Wisdom from the World is Good – Sometimes

wisdom of nature

I’ve been teaching a lot lately on wisdom. Actually, the difference between Godly wisdom and worldly wisdom. 1 Corinthians 2:5 is probably the anchor of his entire wisdom discussion that begins back in chapter 1. There is a profound difference between wisdom that comes from God and what passes for wisdom in our world.

Recently, John Piper, a denominational preacher of note, released an excellent video on wisdom from the world but not of the world. His thoughts were enlightening, and I thought I would expand them into a post.


Wisdom is found in God’s word. His word is truth (2 Samuel 7:28; Psalm 119:160; Proverbs 30:5, John 17:17). The so-called wisdom literature of the Old Testament, Psalms, Proverbs, and Ecclesiastes, along with James in the New Testament, offer great insight into everyday problems and challenges.

The world often competes against Biblical wisdom with its own brand of wisdom. It should be obvious that the world is pretty fouled up right now. I’m not sure the present state of affairs in our culture commends the wisdom of the world. In fact, it probably argues for a new wave of book burning! [bctt tweet=” I’m not sure the present state of affairs in our culture commends the wisdom of the world. In fact, it probably argues for a new wave of book burning!” username=”Preachers_Study”]

Wisdom From God

It is consistent with our belief in the omniscient (all-knowing) God . If God knows everything, and he does, he will always know the right path (Psalm 119:105). It is also true that God has chosen to communicate with us and has shared that wisdom with us. His word is, therefore, profitable for our lives (2 Timothy 3:16).

But God also teaches through his creation. Like you, I enjoy reading. The late Winford Claiborne was a professor of mine in undergrad and a dear friend. He performed our wedding 30 years ago. Claiborne was a voracious reader. At any one time, he was devouring two or three books. In his later years, he and his beloved wife added a library to their home. His advised reading the Scriptures first, religious or morality books second and secular or even fiction books third. He thought this last group would help the preacher remain in touch with the world and stretch his mind for greater thinking.

Wisdom Learned from the Cosmos

The heavens declare the glory of God,

and the sky above proclaims his handiwork.  (Psalm 19:1)

Have you noticed the extraordinary organization and precision of the heavens? Have you seen the uncommon design of every item in our Universe? We can observe the handiwork of God across the heavens. What does the unfathomable size of a galaxy say about the power of God? What does the precise orbit of our entire solar system around the Milky Way say about His attention to detail?

God reveals wisdom in the Bible and in creation.

Wisdom Learned from Nature

Go to the ant, O sluggard;

consider her ways, and be wise.  (Proverbs 6:6)

Look at the birds of the air: they neither sow nor reap nor gather into barns, and yet your heavenly Father feeds them. Are you not of more value than they? (Matthew 6:26)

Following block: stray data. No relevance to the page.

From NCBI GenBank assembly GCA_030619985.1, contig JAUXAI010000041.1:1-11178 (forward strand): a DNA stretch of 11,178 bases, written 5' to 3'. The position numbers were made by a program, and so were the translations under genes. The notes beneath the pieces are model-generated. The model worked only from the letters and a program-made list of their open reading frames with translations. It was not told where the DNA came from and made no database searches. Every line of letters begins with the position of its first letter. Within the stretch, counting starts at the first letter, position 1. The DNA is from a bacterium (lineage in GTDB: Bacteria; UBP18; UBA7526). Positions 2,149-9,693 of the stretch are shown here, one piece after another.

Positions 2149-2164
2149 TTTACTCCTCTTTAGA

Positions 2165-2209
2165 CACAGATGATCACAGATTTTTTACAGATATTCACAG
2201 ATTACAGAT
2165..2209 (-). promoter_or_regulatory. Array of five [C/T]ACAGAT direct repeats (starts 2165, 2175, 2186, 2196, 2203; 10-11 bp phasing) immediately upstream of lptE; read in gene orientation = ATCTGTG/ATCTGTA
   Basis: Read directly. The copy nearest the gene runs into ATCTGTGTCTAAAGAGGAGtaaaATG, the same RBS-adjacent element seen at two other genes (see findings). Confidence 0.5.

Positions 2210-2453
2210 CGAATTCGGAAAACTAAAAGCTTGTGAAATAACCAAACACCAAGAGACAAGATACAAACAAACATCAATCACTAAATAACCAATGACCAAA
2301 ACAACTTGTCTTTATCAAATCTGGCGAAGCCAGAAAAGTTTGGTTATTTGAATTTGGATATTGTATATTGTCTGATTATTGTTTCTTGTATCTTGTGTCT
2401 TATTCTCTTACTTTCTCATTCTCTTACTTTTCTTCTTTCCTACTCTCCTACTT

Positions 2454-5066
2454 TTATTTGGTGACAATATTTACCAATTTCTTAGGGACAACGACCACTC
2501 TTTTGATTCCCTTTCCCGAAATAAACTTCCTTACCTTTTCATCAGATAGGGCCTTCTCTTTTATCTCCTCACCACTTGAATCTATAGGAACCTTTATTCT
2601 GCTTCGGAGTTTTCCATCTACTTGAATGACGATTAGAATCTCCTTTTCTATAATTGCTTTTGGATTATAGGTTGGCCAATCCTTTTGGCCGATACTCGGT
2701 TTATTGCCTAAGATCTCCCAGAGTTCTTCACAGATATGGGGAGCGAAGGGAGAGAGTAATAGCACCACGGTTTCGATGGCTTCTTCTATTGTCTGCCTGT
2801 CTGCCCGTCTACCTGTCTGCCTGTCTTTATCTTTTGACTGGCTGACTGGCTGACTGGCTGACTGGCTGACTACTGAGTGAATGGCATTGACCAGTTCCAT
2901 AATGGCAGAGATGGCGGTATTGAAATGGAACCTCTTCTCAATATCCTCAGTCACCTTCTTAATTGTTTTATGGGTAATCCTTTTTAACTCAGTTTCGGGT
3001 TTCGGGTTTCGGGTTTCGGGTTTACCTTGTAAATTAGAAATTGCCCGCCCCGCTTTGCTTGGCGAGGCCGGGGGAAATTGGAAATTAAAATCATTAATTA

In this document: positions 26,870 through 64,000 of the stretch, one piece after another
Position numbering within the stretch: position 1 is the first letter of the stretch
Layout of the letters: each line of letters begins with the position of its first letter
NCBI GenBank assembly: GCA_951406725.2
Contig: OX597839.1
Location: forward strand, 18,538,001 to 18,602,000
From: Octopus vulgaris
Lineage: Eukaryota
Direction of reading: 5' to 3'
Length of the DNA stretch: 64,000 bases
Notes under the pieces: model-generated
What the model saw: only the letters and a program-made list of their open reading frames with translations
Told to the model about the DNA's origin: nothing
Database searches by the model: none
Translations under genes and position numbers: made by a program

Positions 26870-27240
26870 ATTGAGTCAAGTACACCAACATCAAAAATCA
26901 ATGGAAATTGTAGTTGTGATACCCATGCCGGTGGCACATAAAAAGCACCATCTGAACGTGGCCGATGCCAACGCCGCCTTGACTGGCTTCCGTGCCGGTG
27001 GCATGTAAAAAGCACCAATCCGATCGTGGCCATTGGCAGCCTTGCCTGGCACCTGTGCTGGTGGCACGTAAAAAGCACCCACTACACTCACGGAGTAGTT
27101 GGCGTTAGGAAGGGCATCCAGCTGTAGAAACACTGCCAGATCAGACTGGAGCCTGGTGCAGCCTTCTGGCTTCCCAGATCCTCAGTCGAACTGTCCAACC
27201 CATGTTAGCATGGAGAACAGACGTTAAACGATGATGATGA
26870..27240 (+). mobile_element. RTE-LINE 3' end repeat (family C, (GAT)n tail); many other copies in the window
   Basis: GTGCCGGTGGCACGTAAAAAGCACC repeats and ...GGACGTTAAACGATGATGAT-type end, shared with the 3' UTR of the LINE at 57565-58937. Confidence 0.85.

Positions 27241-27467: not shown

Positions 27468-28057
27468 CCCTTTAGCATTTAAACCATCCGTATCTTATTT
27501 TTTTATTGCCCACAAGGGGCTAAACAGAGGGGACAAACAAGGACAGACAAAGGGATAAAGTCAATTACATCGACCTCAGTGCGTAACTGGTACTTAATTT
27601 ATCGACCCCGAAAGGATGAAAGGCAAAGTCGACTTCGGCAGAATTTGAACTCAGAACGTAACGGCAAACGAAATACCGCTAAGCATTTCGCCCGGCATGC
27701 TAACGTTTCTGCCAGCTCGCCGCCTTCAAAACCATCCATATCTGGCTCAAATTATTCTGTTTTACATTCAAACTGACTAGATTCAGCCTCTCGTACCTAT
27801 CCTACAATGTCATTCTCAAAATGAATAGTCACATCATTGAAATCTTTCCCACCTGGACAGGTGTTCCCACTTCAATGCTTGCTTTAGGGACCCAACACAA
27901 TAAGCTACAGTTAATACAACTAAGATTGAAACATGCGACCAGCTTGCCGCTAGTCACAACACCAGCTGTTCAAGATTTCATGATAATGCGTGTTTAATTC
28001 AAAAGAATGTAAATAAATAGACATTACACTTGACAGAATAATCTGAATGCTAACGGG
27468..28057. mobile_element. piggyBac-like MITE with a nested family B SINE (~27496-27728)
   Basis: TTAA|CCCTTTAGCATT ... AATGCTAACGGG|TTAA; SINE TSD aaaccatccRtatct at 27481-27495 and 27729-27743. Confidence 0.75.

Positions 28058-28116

Consider the lilies, how they grow: they neither toil nor spin, yet I tell you, even Solomon in all his glory was not arrayed like one of these.  But if God so clothes the grass, which is alive in the field today, and tomorrow is thrown into the oven, how much more will he clothe you, O you of little faith! (Luke 12:27, 28).


See that in the Proverbs passage and the two from the Gospels, readers are divinely directed to examine these earthly creatures and to learn.

The slothful, lazy man is told to study the industrious ant. The anxious person is to observe the well cared for birds, and the nervous is told to watch the flowers for evidence of God’s care. Herein is wisdom! Work like an ant. Trust like birds and flowers. Sure peace will come.

God reveals wisdom in the Bible and in nature.

Wisdom Learned from Men

While the words were still in the king’s mouth, there fell a voice from heaven, “O King Nebuchadnezzar, to you it is spoken: The kingdom has departed from you,  and you shall be driven from among men, and your dwelling shall be with the beasts of the field. And you shall be made to eat grass like an ox, and seven periods of time shall pass over you, until you know that the Most High rules the kingdom of men and gives it to whom he will.”  Immediately the word was fulfilled against Nebuchadnezzar. (Daniel 4:31-33)

But God said unto him, Thou fool, this night thy soul shall be required of thee: then whose shall those things be, which thou hast provided?  So is he that layeth up treasure for himself, and is not rich toward God. (Luke 12:20, 21)

Hear what the unjust judge saith.  And shall not God avenge his own elect, which cry day and night unto him, though he bear long with them? (Luke 18:6)

Even though the wisdom that comes from men is empty, shallow and unproductive, we can still gain wisdom by observing our fellow humans. Above are three examples of many which should cause the growth of Godly wisdom in the heart of the observer.

The first warns against arrogance and pomposity. Nebuchadnezzar was a mighty king who thought too much of himself. The second warns against greed. Note that this farmer was not the reason for success. The text says “the land brought forth bountifully,” not the man. The Third teaches us the necessity of persistence in our prayers before God. All three were wicked but they teach the righteous important lessons of life.

God reveals wisdom in the Bible and in mankind.

My point should be clear. See God’s teaching in every moment of life. Look for him. See him everywhere and hear his wise voice. God teaches us in many ways and all are harmonious with each other.



Where do you learn from God? Drop us a comment below.




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